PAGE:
Wall St spent heavily on lobbying Congress

* Wall Street spends millions lobbying Congress

* Goldman leads increased spending among top banks

* Allied special-interest groups also spend heavily

WASHINGTON, April 21 (Reuters) - Wall Street institutions and allied special-interest groups poured tens of millions of dollars into lobbying Congress in early 2010, as the political focus shifted to financial reform from healthcare, official data shows.

Six leading banks -- JPMorgan Chase JPM.N, Wells Fargo WFC.N, Citigroup C.N, Bank of America BAC.N, Goldman Sachs GS.N and Morgan Stanley MS.N -- spent a combined $6.9 million on lobbying in the first quarter. That marked a 4 percent increase from late last year and a jump of about one-third from the first three months of 2009.

Goldman Sachs increased its lobbying spending by more than 71 percent in the first three months over the same period last year.

It is on record as contributing $1.2 billion to lobbying efforts in the three months prior to the Securities and Exchange Commission’s fraud charges. It spent less than $700,000 in the year ago period.

Trade associations and special-interest groups led by the U.S. Chamber of Commerce also spent heavily, with the combined total for 10 selected organizations giving $43.2 million, or about two-thirds more than they spent in the first-quarters of the last two years.

But several banks and groups scaled back from a surge of lobby spending in the fourth-quarter of 2009, according to the congressional filings that are mandated by law.

First-quarter spending figures offer a glimpse of the behind-the-scenes wrangling on Capitol Hill as Wall Street struggled to influence the financial reform debate triggered by the 2008 financial crisis and the deep economic recession it spawned.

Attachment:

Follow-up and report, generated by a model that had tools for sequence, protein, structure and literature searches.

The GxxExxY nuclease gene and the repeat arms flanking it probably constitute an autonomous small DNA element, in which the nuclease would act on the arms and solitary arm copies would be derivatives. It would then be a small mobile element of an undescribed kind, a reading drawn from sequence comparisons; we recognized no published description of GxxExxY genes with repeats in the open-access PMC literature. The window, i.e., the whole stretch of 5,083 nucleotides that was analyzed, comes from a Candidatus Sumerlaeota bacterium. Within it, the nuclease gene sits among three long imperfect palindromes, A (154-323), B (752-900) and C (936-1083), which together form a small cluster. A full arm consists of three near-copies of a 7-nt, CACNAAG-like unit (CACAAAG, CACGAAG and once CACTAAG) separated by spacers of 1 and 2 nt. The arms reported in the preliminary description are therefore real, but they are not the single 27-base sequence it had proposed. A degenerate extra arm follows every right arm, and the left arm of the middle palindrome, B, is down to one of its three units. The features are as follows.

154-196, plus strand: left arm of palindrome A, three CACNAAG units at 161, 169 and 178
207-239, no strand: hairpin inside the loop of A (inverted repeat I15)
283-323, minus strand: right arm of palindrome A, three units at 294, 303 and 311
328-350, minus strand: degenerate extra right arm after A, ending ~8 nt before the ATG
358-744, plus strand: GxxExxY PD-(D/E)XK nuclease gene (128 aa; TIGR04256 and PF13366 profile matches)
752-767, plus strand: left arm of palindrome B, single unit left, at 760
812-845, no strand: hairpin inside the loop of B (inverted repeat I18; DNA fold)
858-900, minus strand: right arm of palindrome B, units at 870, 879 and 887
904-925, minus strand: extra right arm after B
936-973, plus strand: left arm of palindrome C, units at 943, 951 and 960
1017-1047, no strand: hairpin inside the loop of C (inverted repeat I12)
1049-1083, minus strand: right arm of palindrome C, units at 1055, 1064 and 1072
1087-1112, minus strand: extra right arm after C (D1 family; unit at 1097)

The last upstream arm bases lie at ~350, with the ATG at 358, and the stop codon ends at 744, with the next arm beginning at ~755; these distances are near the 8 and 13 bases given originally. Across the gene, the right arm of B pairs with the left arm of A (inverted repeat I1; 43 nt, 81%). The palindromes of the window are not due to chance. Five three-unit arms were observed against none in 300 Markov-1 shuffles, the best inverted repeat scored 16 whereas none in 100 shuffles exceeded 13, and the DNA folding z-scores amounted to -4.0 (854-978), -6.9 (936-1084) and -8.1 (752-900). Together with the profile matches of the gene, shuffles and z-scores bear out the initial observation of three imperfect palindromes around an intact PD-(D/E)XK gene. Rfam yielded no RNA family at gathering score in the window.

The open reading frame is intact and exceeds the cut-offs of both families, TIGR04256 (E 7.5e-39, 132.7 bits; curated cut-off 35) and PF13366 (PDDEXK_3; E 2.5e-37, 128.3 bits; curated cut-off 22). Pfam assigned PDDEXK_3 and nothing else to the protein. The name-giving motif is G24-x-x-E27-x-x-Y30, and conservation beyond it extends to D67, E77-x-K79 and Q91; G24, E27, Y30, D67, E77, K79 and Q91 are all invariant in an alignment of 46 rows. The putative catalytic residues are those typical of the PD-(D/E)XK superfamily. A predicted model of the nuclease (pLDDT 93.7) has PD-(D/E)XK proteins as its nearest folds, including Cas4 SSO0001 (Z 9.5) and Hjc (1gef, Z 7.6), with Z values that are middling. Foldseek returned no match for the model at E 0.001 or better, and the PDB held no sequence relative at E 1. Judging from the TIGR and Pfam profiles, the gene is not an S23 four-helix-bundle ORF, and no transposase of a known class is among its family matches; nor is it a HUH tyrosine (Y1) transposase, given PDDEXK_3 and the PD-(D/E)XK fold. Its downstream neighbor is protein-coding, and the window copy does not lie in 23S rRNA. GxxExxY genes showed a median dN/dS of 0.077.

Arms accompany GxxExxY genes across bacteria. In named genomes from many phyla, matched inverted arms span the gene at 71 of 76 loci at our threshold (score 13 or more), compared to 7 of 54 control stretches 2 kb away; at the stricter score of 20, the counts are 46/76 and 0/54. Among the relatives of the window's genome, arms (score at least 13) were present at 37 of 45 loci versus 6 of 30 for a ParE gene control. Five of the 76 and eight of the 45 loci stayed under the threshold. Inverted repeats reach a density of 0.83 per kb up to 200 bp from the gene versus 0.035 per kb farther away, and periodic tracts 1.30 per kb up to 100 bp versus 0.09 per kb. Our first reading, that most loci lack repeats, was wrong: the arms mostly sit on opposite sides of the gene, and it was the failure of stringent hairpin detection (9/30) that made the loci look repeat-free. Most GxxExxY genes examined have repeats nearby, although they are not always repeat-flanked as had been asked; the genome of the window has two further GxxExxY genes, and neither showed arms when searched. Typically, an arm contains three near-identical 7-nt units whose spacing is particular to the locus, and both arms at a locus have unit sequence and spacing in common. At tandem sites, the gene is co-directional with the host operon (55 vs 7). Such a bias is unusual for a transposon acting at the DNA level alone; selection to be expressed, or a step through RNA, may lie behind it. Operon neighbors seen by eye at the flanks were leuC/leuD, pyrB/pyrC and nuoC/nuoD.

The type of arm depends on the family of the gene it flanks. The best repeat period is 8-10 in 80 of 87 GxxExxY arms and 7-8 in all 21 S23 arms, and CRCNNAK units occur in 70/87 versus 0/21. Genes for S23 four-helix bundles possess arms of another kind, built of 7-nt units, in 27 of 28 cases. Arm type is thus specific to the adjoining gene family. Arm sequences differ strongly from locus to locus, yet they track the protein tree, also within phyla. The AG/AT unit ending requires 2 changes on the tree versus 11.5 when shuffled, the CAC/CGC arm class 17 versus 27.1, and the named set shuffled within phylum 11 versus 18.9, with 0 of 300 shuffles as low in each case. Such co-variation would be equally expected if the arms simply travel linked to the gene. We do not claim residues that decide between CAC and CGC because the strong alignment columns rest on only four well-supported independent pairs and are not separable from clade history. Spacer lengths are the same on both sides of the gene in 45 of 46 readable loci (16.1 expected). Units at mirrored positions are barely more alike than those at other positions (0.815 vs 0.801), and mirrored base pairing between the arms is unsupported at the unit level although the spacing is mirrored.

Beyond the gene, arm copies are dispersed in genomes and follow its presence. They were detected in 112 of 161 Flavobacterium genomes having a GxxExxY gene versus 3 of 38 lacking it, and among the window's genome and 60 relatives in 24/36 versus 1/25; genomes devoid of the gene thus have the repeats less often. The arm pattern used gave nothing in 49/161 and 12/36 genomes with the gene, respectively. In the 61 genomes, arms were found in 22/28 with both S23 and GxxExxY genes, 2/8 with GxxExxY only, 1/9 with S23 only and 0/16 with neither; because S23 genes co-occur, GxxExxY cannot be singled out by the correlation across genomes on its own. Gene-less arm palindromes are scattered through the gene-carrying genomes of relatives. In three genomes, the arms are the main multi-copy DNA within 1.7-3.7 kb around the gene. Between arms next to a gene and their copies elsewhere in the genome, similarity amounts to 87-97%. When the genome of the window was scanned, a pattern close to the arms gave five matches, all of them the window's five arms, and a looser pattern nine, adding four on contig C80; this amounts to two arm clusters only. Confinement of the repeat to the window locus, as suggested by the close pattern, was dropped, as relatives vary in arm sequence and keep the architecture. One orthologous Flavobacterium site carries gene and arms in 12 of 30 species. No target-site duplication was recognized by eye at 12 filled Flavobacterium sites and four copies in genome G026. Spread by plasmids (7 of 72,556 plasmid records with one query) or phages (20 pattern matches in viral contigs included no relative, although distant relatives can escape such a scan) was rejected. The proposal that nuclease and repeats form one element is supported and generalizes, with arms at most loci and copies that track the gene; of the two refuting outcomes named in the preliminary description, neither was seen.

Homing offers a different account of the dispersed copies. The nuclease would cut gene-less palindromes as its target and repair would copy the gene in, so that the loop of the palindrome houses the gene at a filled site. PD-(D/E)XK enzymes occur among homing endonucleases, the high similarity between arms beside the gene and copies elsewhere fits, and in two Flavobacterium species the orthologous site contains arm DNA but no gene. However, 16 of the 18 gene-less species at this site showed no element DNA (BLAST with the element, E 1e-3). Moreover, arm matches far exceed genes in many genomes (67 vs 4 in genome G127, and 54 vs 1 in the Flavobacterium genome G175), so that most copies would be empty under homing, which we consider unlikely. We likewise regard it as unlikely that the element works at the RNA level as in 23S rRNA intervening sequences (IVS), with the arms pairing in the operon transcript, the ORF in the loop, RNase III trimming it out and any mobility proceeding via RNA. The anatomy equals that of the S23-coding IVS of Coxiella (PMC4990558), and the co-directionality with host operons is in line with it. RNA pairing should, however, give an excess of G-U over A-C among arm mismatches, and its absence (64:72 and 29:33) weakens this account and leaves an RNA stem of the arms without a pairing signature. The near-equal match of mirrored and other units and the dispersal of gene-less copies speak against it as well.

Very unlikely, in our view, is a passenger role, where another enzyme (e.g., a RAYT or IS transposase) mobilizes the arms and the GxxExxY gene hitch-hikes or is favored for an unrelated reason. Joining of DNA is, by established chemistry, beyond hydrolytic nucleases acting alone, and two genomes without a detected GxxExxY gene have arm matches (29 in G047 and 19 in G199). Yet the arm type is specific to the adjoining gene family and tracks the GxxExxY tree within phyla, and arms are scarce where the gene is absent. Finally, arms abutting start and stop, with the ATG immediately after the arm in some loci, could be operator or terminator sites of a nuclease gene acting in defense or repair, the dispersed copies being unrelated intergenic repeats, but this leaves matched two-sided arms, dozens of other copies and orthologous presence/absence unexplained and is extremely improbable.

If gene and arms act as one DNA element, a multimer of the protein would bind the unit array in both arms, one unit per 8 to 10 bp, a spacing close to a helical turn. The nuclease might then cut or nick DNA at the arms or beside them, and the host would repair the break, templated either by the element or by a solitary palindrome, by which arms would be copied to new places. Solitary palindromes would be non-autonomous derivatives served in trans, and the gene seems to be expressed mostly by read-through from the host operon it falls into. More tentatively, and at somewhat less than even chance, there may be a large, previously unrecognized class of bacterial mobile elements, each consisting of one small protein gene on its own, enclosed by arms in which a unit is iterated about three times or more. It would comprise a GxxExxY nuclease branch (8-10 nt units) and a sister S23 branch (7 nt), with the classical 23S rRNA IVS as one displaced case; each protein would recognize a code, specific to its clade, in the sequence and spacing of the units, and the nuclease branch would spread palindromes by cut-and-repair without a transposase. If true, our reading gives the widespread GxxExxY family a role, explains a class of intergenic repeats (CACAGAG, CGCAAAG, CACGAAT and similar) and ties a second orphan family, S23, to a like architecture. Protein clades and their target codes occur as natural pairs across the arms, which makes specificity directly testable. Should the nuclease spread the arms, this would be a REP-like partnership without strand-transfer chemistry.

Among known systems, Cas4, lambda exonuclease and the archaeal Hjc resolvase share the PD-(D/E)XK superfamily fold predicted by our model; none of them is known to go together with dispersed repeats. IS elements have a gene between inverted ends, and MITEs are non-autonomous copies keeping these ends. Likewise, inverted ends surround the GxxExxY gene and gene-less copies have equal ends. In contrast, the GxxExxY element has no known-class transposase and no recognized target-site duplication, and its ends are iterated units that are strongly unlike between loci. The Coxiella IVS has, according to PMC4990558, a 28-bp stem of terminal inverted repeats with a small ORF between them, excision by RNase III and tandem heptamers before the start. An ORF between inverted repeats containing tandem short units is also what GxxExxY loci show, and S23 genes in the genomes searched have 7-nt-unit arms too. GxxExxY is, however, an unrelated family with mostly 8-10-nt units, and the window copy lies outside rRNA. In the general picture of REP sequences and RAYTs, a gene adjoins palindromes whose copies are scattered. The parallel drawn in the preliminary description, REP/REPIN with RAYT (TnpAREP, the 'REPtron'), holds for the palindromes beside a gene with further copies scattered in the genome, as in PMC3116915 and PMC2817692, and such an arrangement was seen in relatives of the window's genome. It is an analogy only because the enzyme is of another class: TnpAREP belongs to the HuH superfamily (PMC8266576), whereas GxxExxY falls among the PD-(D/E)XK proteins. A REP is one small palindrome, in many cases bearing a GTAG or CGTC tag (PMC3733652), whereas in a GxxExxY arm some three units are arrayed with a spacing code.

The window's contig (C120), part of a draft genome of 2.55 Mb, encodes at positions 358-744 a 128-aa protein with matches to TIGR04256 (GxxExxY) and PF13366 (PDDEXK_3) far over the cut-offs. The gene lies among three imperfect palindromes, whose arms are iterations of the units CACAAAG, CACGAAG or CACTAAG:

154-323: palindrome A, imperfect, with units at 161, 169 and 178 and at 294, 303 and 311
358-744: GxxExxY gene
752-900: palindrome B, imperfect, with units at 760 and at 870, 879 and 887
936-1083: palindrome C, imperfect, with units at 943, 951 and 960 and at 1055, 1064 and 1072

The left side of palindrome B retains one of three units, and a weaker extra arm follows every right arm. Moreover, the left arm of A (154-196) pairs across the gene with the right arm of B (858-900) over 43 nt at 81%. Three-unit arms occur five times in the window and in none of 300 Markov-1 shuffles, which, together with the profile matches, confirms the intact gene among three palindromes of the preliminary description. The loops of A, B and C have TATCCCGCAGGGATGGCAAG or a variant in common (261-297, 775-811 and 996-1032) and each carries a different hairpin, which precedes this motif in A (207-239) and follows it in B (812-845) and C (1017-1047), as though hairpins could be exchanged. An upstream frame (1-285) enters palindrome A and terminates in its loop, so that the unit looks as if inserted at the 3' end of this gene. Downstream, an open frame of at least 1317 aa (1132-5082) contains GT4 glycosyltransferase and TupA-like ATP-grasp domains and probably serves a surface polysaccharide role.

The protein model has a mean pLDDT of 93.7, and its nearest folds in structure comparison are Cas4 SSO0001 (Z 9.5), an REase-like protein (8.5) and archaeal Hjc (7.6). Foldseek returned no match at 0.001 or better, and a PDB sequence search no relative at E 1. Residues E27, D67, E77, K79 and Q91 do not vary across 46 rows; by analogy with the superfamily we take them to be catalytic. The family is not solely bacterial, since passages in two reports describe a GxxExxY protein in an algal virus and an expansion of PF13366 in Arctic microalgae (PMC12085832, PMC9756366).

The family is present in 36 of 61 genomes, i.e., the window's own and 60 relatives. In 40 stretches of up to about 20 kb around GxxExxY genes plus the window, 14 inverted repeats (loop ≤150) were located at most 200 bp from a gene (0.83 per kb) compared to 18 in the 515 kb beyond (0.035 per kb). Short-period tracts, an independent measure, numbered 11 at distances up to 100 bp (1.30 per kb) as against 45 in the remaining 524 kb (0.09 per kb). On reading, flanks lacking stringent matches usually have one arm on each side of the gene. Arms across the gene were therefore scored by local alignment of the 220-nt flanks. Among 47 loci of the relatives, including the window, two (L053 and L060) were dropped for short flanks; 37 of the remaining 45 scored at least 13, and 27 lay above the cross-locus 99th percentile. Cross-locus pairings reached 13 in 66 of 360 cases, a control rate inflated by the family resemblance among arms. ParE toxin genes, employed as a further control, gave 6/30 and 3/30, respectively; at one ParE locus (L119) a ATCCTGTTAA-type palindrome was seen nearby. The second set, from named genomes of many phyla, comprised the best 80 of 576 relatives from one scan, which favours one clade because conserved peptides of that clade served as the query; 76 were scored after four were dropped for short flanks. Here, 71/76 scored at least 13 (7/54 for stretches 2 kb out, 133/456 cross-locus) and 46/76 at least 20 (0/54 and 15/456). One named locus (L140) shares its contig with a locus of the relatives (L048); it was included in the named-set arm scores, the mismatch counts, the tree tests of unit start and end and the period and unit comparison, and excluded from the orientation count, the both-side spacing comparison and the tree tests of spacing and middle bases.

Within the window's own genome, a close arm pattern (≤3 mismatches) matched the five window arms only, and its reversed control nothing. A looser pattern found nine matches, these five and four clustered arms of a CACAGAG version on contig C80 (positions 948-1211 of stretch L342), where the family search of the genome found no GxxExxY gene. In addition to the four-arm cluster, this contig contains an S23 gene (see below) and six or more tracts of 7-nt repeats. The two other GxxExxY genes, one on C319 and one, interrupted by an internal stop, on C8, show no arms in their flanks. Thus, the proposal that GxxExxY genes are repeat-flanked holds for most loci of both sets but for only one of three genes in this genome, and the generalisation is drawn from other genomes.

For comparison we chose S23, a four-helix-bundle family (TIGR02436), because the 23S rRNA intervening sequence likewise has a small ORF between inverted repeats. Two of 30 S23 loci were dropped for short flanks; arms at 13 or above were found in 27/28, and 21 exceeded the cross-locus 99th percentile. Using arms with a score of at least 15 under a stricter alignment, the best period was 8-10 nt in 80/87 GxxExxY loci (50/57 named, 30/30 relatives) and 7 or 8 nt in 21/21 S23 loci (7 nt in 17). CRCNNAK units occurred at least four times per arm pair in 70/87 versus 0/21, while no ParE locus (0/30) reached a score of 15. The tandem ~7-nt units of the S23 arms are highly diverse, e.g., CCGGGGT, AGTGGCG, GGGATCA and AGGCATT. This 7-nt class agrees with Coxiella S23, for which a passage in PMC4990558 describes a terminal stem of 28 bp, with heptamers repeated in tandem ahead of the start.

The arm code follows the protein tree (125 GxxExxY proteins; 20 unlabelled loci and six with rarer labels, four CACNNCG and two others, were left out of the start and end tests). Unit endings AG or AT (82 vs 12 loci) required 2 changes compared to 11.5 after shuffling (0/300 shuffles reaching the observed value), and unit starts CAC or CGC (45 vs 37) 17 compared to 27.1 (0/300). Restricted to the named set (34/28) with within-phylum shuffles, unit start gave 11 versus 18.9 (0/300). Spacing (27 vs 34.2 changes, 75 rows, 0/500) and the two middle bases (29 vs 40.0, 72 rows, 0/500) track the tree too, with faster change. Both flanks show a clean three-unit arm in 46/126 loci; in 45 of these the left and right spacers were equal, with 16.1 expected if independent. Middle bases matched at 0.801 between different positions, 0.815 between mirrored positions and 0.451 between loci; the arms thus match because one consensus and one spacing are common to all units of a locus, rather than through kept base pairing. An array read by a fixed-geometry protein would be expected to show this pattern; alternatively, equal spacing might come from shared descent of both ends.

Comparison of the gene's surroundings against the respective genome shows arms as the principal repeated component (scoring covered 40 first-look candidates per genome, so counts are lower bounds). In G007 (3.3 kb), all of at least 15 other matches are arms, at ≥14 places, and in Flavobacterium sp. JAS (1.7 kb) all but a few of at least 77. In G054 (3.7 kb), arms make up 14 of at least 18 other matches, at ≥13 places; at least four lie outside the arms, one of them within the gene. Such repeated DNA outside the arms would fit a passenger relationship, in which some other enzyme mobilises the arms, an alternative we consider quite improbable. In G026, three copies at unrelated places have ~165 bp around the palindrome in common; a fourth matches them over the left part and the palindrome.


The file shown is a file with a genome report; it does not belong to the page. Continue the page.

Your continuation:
At the same time, Wall Street banks have begun to favor Republicans over Democrats in their campaign donations in the 2010 congressional elections, reversing their 2009 approach that gave Democrats the edge.

“Wall Street’s been trying to figure out how to stop the (regulatory) train from leaving the station and derail the whole thing. But I think they’ve also realized that something would pass and are also trying to find loopholes that can be made as wide as possible,” said David Min of the Washington-based think-tank Center for American Progress.


The reform debate now appears to be entering the home stretch, with Republicans softening their opposition to Democratic proposals to crack down on Wall Street.

Lobbying by organizations with a vested interest in financial reform rose sharply late in 2009 after Senate Banking Committee Chairman Christopher Dodd first introduced his regulatory bill, according to lobbyists.

It intensified again in March when Dodd issued revised legislation and began pushing the measure through his committee.

The lobbying spending data that companies and their agents must file with Congress each quarter does not provide a complete picture of activity on any given topic.

Disclosure documents do not say how much money is spent on a specific piece of legislation. In the first quarter, some companies and special-interest groups also spent heavily on healthcare reform in the first quarter.

First-quarter numbers may also be inflated by a new federal standard that for required companies for the first time this year to account for annual payments to trade associations in the January to March quarter, said a bank official, who spoke on condition of anonymity.

Organizations also define lobbying differently. One of the biggest forces in lobbying -- the U.S. Chamber of Commerce -- spent more than $30 million in the first quarter. But officials said the total includes television advertising and other activities unrelated to traditional Washington lobbying.

The chamber’s first quarter lobby figure was double what the organization spent in the same period of last year but well down from the nearly $80 million it spent in the final three months of 2009 when healthcare dominated the U.S. political debate. (Reporting by David Morgan, editing by Leslie Gevirtz)